Burning king’s photo is free speech: EU ruling warns Spain

The Spanish government was dealt a legal blow on Tuesday after the European Court of Human Rights ruled against the prosecution of people caught burning photos of Spain’s monarchy.

Burning king’s photo is free speech: EU ruling warns Spain
Spain will have to reimburse the plaintiffs it fined for burning photos of King Juan Carlos in 2007. Photo: AFP
The case in question stems from the 2008 sentencing of Enric Stern and Jaume Roura who burned images of the Spanish king and queen at the time, Juan Carlos and Sofía, during the monarchs’ visit to the Catalan city of Girona in 2007.
Both men were handed out €2700 fines to avoid prison and a warning that they’d have to serve 15 months behind bars if the sum wasn’t paid.
The ECHR in Strasbourg has now ruled that the decade-old ruling by Spain’s National High Court was “a breach of freedom of expression” and consequently ordered Spain to reimburse the previously accused and now plaintiffs, as well as pay €9,000 in damages.  
According to leading Spanish daily El País, the court considered that the burning of the photos “is the kind of provocative scene that’s being used more and more often to get the attention of the media and doesn’t go over the line when getting a critical message across in terms of freedom of expression.” 
“The ruling says important things about Catalonia in 2018. The court emphasizes that any act of political criticism must have special protection and also denies that it is an act of incitement to violence,” Benet Salellas, Stern and Roura’s lawyer, told regional broadcaster V3. 
According to Salellas, “Strasbourg’s decision reiterates the non-violent character of Catalonia’s independence movement, and the ruling makes it clear that criticism of Spanish state institutions can never be called hate speech”.
Spain’s Constitutional Court has hit back at the ECHR by stating that the European legal body supposedly claims “to sanction and even prevent all forms of expression that spread, incite, promote or justify hatred based on intolerance”. 
They stood accused of violating the dignity of a head of state, a crime in Spain, but were pardoned by the National High Courts.


Row in Spain over reports King Felipe’s sisters got Covid vaccine in the UAE

Reports that Spanish King Felipe VI's sisters got vaccinated for the coronavirus in the UAE sparked controversy Wednesday, with hard left party Podemos, part of the ruling coalition, saying such "privileges" served to "discredit" the monarchy.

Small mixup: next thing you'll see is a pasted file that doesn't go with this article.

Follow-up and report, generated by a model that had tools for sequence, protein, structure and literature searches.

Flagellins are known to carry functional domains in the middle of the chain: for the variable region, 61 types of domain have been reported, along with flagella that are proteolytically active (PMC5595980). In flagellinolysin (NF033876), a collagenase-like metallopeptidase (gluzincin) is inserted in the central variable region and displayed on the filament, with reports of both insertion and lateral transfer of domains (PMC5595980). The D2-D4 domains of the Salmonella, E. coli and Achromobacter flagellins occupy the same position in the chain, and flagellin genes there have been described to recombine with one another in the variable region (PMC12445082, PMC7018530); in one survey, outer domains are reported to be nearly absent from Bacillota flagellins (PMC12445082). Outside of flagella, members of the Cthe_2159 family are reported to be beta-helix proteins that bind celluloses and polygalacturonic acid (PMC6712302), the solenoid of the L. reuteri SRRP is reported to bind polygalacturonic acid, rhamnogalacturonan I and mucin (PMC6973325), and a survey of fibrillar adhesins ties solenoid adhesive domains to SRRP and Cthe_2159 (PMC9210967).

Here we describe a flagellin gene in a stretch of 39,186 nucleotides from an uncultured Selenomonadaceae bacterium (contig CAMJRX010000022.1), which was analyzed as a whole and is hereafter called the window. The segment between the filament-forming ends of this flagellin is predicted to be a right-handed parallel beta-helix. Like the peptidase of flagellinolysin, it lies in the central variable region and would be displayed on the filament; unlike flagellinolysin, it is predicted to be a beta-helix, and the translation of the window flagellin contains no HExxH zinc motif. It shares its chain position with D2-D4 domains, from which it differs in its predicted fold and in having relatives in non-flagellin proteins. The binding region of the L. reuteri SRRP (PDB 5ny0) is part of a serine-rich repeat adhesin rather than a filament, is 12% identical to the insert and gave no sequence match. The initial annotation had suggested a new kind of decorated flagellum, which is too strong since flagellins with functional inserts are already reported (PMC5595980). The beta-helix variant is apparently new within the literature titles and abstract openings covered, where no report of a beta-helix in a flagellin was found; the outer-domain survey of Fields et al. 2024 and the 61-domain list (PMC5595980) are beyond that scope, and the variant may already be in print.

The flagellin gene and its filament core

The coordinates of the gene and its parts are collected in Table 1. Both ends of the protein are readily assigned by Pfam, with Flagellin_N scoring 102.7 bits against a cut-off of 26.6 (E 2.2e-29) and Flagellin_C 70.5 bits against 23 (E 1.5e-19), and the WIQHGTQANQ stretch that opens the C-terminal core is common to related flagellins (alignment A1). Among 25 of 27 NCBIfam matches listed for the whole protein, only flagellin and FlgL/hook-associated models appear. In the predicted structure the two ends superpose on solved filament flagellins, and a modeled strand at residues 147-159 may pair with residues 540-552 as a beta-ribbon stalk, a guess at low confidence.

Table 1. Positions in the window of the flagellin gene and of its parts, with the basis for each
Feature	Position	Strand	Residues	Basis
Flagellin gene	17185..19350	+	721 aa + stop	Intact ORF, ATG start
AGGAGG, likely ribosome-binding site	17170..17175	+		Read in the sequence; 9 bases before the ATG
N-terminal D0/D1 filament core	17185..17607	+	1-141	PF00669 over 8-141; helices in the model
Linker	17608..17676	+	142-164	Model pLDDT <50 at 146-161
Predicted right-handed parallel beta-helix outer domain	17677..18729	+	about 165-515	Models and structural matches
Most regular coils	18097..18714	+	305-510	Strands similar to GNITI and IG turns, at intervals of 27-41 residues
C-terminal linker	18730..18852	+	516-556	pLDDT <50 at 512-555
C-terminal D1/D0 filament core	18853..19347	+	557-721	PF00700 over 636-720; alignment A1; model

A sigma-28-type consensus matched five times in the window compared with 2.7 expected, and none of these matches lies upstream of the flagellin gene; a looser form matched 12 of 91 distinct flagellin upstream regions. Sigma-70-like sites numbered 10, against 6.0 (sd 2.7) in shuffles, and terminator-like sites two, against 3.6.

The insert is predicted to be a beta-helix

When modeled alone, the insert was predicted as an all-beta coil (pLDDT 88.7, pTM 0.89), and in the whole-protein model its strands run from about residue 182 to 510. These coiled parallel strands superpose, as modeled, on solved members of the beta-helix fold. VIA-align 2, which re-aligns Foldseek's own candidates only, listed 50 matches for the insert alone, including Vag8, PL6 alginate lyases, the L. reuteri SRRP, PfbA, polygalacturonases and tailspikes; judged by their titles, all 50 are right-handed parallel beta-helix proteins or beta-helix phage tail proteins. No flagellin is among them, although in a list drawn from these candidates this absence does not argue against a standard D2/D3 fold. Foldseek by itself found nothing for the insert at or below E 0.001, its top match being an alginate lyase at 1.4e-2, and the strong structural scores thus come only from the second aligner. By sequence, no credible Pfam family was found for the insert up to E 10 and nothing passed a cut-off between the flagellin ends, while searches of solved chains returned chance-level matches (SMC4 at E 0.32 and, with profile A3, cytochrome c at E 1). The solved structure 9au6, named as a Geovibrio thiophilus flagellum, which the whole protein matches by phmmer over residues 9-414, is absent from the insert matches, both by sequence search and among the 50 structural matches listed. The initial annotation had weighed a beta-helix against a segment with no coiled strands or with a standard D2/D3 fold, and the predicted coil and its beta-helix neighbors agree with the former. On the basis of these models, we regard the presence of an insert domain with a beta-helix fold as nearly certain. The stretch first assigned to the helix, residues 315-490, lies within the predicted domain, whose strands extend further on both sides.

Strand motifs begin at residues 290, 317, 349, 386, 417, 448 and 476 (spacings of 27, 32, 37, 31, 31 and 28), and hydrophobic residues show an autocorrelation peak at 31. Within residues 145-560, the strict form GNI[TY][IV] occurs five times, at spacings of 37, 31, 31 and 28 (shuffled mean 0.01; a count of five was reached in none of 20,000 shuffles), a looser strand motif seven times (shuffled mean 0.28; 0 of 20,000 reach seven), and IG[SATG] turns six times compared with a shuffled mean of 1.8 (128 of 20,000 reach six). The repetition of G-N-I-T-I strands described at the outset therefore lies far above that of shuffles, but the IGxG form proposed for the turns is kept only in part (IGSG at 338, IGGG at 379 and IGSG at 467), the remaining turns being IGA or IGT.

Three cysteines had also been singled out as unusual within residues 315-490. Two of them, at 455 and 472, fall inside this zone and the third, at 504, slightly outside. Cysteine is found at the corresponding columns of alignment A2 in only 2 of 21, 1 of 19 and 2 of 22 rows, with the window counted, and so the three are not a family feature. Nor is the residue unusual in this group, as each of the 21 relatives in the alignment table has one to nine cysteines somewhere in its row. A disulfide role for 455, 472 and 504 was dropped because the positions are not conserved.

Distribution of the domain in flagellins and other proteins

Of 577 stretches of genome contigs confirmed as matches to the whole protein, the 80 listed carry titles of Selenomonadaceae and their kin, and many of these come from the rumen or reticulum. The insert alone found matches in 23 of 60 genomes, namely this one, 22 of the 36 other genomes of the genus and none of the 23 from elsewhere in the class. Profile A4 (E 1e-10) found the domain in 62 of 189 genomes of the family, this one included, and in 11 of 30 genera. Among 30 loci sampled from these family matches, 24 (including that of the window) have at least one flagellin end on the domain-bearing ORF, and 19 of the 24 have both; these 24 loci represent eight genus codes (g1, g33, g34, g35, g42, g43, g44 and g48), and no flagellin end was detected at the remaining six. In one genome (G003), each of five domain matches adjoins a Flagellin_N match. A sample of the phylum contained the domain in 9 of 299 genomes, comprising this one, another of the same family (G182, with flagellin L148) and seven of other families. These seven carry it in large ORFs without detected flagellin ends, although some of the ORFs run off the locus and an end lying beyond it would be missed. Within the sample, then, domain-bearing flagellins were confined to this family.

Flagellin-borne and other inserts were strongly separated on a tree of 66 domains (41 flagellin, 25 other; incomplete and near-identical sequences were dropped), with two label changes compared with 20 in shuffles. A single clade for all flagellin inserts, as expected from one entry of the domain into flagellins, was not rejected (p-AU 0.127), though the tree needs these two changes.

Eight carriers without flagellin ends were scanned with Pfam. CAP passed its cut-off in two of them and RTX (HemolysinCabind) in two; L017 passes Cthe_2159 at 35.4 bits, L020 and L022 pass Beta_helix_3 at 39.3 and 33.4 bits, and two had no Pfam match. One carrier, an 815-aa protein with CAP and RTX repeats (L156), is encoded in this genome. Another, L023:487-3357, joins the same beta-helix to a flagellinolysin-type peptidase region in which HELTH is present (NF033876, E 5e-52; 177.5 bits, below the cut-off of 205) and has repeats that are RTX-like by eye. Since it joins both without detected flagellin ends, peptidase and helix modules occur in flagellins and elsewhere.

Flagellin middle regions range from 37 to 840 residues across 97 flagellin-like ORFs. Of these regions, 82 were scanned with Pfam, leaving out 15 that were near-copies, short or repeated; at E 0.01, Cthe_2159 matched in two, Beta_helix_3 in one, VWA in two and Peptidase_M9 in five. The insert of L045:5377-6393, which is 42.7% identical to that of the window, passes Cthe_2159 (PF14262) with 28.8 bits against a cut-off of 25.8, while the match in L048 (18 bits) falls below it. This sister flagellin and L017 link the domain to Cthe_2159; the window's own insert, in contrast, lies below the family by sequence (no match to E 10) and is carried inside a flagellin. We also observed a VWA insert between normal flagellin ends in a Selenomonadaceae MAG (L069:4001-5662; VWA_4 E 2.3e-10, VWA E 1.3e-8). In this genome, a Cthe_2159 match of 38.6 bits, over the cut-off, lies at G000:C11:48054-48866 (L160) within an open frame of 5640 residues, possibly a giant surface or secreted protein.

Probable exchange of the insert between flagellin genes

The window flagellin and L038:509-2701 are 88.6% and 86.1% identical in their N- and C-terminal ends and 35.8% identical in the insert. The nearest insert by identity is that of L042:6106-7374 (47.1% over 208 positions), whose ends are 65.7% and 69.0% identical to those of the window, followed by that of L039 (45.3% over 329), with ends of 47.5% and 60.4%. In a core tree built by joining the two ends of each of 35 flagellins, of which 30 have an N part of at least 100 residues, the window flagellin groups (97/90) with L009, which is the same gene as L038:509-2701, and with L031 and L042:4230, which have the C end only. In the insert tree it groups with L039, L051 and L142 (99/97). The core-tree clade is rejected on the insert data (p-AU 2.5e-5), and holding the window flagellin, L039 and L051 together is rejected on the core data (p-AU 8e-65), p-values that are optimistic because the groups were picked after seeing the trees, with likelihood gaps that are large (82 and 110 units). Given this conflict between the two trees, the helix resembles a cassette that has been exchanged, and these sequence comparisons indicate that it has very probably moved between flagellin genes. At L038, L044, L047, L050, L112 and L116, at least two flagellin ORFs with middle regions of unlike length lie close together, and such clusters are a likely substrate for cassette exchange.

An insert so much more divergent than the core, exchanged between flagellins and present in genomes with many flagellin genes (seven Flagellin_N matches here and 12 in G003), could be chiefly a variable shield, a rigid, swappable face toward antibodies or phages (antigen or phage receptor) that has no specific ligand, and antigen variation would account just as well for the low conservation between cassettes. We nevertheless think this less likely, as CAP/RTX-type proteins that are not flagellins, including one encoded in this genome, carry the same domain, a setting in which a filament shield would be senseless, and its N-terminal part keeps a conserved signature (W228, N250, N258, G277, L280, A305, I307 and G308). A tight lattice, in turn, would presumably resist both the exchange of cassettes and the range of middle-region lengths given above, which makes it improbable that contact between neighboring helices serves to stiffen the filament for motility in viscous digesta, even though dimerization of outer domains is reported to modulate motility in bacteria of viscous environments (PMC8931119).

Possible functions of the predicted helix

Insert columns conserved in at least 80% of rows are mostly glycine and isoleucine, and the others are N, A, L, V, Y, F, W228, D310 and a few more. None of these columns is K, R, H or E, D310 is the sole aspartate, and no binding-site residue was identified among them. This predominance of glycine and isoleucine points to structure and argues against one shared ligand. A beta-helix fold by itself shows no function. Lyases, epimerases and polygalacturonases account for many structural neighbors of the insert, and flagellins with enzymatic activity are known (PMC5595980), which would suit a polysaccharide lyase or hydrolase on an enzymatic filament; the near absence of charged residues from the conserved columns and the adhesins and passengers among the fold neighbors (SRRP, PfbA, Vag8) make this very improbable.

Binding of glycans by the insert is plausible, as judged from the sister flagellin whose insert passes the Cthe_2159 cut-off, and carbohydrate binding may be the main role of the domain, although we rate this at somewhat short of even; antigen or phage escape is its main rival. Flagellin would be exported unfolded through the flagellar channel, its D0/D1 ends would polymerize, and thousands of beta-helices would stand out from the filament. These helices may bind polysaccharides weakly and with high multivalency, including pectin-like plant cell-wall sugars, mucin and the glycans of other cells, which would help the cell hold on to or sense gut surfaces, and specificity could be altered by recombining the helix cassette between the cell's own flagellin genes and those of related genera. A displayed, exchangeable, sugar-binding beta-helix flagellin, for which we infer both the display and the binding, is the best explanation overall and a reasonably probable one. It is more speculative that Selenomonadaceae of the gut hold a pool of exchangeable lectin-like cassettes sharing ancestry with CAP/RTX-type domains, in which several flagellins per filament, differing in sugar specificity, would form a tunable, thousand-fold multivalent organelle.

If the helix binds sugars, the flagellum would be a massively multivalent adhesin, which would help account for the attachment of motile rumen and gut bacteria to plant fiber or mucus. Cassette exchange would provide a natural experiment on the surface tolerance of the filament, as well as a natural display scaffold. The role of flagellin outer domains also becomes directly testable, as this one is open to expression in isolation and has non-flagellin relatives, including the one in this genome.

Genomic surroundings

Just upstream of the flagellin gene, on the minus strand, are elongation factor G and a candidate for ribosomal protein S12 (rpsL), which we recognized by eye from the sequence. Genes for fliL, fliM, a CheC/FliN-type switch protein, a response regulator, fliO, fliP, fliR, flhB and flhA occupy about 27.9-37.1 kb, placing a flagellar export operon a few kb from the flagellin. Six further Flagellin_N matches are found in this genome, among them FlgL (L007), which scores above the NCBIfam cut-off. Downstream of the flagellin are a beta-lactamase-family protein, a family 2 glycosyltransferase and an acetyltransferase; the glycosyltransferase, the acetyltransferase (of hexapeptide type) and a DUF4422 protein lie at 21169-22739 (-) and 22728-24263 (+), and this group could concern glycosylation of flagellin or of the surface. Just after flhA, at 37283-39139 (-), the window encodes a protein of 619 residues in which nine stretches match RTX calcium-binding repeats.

Row in Spain over reports King Felipe's sisters got Covid vaccine in the UAE
Spain's Royal Family - Princesses Elena and Cristina are directly next to King Felipe's right (in the blue suit). Photo: Javier Soriano/AFP

According to El Mundo and El Confidencial, Princess Elena, 57, and Princess Cristina, 55, got the inoculations in February while visiting their father, ex-king Juan Carlos, in Abu Dhabi.

The two royals would not yet qualify for the jab under Spain’s Covid-19 immunisation programme, which gives priority to older people and the most vulnerable.

Juan Carlos, who abdicated in 2014, moved to the United Arab Emirates (UAE) in August amid growing questions over his financial dealings.

A spokesman for the royal palace refused to comment on the reports on the grounds that the princesses are formally “not part” of the institution and the palace has no say in their activities.

Podemos, the junior partner in Socialist Prime Minister Pedro Sanchez’s minority coalition government which is staunchly anti-monarchy, strongly criticised the royals.

“The vaccination of the princesses is more news which contributes to discrediting the monarchy. For the public, this constitutes preferential treatment and privileges,” Equality Minister Irene Montero, a member of Podemos, told public television TVE.

The monarchy is one of several issues which dividing Podemos and the Socialists, which have governed since January 2020.

It is the first time that an anti-monarchy party has been in power since Spain returned to democracy in the 1970s.

The controversy over the vaccinations comes less than a week after Juan Carlos settled a debt of nearly 4.4 million euros ($5.3 million) with the

Spanish tax authorities in a bid to avoid a potential lawsuit. The back-taxes were due on the previously undeclared value of private jet flights — worth eight million euros, according to press reports — paid by a foundation based in Liechtenstein belonging to a distant cousin of Juan Carlos.

The payment caused outrage in Spain, with Sanchez saying he shared the “rejection” which the “majority” of Spaniards feel towards what he called Juan Carlos’ “uncivic behaviour”.

The country’s former intelligence chief, Felix Sanz Roldan, also received the coronavirus vaccine in Abu Dhabi duri

ng a visit to Juan Carlos, according to Spanish media reports.

Spain’s chief of defence staff resigned in January after it was revealed that he got the coronavirus jab in Spain despite not being on a priority list.